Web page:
DNA Solves Mystery of A Young Girl Who Disappeared On Titanic


A team of ‘Titanicologists’ have solved what is considered to be one of the last great mysteries – or hoaxes – of the doomed luxury liner, over a century after it sank.

A woman who claimed to be the presumed-dead two-year-old daughter of a wealthy family that died on Titanic in 1912 has been exposed as a fraud following extensive DNA tests.

Helen Kramer first came forward in 1940 claiming to be Loraine Allison, a toddler traveling with her parents Hudson and Bess and seven-month-old brother Trevor on the ship.

Hudson Allison was a Canadian entrepreneur and the family traveled with an extensive entourage of servants.

DNA solved a 70-year-old question of whether Loraine Allison survived the Titanic crash. Many have wondered what happened to the two-year-old little girl who disappeared from the crash more than 100 years ago.

The story begins with Hudson and Bess taking their two kids, Trevor, seven months, and Loraine, two years of age, across the Atlantic on the Titanic. At the time of the sinking, it is said that Trevor was rushed to a lifeboat by their maid and that the other three died on the boat. However, only Hudson’s body was found, leaving the mystery of what happened to Loraine and her mother.

When the ship struck the iceberg, Trevor, who was not with his family at the time, was taken onto a lifeboat by a maid, Alice Cleaver, with both going on to survive.

Both mother and father and Loraine are believed to have died looking for Trevor and skipping their opportunities at being rescued.

Trevor then died in 1929 of ptomaine poisoning.


Kramer mounted a long campaign to be accepted by the surviving members of the wealthy Allison family in the face of strong opposition, The Telegraph reported.

The bitter dispute was expected to have ended in 1992 when Kramer died.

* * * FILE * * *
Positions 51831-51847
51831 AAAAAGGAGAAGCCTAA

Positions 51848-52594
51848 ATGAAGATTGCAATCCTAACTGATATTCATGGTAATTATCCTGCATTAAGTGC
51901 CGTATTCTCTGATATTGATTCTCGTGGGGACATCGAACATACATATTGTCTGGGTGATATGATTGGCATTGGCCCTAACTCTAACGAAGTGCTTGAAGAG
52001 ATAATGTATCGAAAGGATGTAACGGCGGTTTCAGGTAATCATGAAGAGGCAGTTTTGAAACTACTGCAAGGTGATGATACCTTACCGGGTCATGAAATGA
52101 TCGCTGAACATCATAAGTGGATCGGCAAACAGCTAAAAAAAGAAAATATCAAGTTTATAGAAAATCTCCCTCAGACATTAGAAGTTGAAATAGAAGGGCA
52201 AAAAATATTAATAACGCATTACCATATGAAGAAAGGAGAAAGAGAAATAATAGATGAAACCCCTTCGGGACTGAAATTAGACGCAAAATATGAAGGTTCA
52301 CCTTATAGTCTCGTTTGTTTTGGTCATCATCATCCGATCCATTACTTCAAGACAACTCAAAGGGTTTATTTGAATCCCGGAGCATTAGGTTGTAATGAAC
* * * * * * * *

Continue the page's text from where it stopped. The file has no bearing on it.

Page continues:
But it was revived on the centenary of the sinking in 2012 when Kramer’s granddaughter, Debrina Woods, from Florida, restated the claim on a series of forums dedicated to the Titanic.

She set up a website highlighting her claim and said she planned to write a book about the story.

She claimed she had found a suitcase belonging to her grandmother which was full of documents substantiating the family case.

She also tried to contact the Allison family and arrange a visit, prompting the intervention of their lawyers to ask her to cease.

The unknown remained until 28 years later when Helen Kramer came forward on a radio show called “We the People”, and said that she was the two-year-old missing girl. Only a few of the distant relatives believed her story, but immediate family members denied the claims and kept her out of the inheritance.

When Helen died in 1992 the claims seemed to have died with her. However, in 2012 the granddaughter of Helen, Debrina Woods, resurfaced the claims by saying she had inherited more evidence from her grandmother and that the truth should be told.

With all of this evidence, and with a desire to solve this case, a group of Titanic researchers put together a project to help unlock the mystery.

They did just that, by convincing descendants from each family to have a DNA test done.

The results from the tests show that there is not a relationship between the two families, suggesting that this was a hoax or a complete misunderstanding.

We don’t want to downplay the tragedy of this story to those involved but rather highlight that we have a tool that will help us unlock the mysteries of our past with DNA testing.

This isn’t the first time DNA has helped provide evidence to disprove a connection to a historical claim. DNA testing disproved Anna Anderson’s claims that she was Anastasia, the youngest daughter of the Russian Tsar, Nicholas II. Similar to the Kramer story, researchers found multiple people from both sides of the family in question and had them take a DNA test. No DNA was shared, disproving a relationship.